South African Prime Minister Hendrik Verwoerd is stabbed to death by a messenger during a parliamentary meeting in Cape Town. The assailant, Demetrio Tsafendas, was a Mozambique immigrant of mixed racial descent—part Greek and part Swazi.
As minister of native affairs and later as South African leader, Verwoerd oversaw the introduction and application of South Africa’s racist apartheid policies. As prime minister from 1958, he instituted an intricate system of racist laws separating whites, Africans (Blacks), Coloureds and Asians, and resettled Black people in backwater reservations. These policies provoked anti-apartheid demonstrations by Black people, which were brutally crushed by government forces at Sharpeville and elsewhere. When, in April 1960, Verwoerd miraculously survived being shot twice in the head by an English farmer, he proclaimed that his survival was evidence of God’s approval of his work. During the next few years, Verwoerd’s government arrested anti-apartheid leaders such as Nelson Mandela and sentenced them to long prison terms on the basis of various convictions.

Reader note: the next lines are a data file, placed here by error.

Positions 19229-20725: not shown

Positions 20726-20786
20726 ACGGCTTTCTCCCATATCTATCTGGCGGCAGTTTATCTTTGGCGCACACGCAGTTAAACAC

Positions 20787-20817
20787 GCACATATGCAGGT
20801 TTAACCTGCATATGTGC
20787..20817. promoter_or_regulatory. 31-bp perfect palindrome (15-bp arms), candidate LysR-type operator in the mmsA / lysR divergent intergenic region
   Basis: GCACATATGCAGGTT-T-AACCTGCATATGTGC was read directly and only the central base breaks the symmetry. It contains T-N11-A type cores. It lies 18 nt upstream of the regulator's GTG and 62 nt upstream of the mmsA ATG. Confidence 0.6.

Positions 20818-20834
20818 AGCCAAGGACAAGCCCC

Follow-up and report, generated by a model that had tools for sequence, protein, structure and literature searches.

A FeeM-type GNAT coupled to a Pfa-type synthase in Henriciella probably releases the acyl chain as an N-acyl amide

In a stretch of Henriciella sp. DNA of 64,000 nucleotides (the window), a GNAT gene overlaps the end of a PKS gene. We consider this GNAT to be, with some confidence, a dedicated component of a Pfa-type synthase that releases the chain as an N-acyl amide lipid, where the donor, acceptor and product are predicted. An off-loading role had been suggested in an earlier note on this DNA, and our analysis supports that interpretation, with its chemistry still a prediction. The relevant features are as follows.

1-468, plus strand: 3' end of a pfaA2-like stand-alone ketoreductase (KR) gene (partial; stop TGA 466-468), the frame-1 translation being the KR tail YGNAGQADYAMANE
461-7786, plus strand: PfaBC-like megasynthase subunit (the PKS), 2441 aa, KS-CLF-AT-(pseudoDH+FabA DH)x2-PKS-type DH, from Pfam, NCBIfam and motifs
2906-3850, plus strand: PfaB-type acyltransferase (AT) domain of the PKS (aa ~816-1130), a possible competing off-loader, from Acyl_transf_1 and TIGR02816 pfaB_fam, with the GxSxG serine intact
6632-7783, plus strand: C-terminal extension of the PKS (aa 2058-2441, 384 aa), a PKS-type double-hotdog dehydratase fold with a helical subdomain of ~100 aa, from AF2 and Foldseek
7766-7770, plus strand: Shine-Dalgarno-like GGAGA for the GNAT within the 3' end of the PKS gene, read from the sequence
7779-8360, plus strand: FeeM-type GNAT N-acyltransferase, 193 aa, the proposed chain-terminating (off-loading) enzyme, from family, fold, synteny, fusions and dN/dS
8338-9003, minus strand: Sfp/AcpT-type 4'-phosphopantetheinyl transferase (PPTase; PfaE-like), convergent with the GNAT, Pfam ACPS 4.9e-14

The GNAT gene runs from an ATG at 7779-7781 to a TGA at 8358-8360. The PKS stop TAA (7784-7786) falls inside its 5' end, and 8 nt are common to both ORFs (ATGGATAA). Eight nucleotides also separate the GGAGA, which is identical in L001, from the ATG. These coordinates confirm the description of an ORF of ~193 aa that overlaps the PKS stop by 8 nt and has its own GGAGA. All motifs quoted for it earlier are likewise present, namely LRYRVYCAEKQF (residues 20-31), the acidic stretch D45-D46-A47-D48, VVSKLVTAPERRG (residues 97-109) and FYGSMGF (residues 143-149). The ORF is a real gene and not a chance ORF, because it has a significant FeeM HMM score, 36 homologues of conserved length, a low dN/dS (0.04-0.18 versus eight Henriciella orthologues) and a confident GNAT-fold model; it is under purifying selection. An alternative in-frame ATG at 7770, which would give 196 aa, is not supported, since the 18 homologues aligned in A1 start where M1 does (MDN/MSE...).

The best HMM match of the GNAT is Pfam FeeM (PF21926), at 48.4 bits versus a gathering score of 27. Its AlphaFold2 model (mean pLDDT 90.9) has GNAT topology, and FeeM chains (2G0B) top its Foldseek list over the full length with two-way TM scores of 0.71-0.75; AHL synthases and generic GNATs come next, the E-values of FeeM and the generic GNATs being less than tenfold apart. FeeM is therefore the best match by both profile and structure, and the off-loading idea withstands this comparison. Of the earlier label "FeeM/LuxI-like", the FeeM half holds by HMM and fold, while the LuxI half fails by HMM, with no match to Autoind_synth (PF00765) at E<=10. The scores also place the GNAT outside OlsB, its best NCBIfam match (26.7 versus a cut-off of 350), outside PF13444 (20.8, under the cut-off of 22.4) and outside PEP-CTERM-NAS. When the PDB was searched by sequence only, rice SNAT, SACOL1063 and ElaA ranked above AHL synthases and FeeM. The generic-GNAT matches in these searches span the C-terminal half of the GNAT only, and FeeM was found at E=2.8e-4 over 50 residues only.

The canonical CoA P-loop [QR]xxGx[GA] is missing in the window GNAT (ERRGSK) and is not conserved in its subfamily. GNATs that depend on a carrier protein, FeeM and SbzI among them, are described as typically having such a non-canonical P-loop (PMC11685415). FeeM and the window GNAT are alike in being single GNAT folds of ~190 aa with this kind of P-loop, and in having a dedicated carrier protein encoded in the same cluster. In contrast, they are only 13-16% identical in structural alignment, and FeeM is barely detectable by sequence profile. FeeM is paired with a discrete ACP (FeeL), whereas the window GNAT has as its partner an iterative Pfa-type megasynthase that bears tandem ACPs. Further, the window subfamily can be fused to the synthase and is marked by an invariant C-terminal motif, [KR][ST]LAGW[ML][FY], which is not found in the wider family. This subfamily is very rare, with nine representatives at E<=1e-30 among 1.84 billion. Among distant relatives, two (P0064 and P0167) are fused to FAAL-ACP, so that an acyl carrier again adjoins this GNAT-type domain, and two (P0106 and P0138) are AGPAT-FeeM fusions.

Verwoerd had succeeded in temporarily crushing anti-apartheid resistance, but he could not prevent a mentally ill parliamentary page from walking up to him in the Houses of Assembly and stabbing him to death on September 6, 1966. Tsafendas, who apparently was not acting in protest of apartheid, was sent to a mental hospital near Johannesburg, where he lived until his death in 1999. Apartheid was abolished in South Africa in 1993.
READ MORE: The Harsh Reality of Life Under Apartheid in South Africa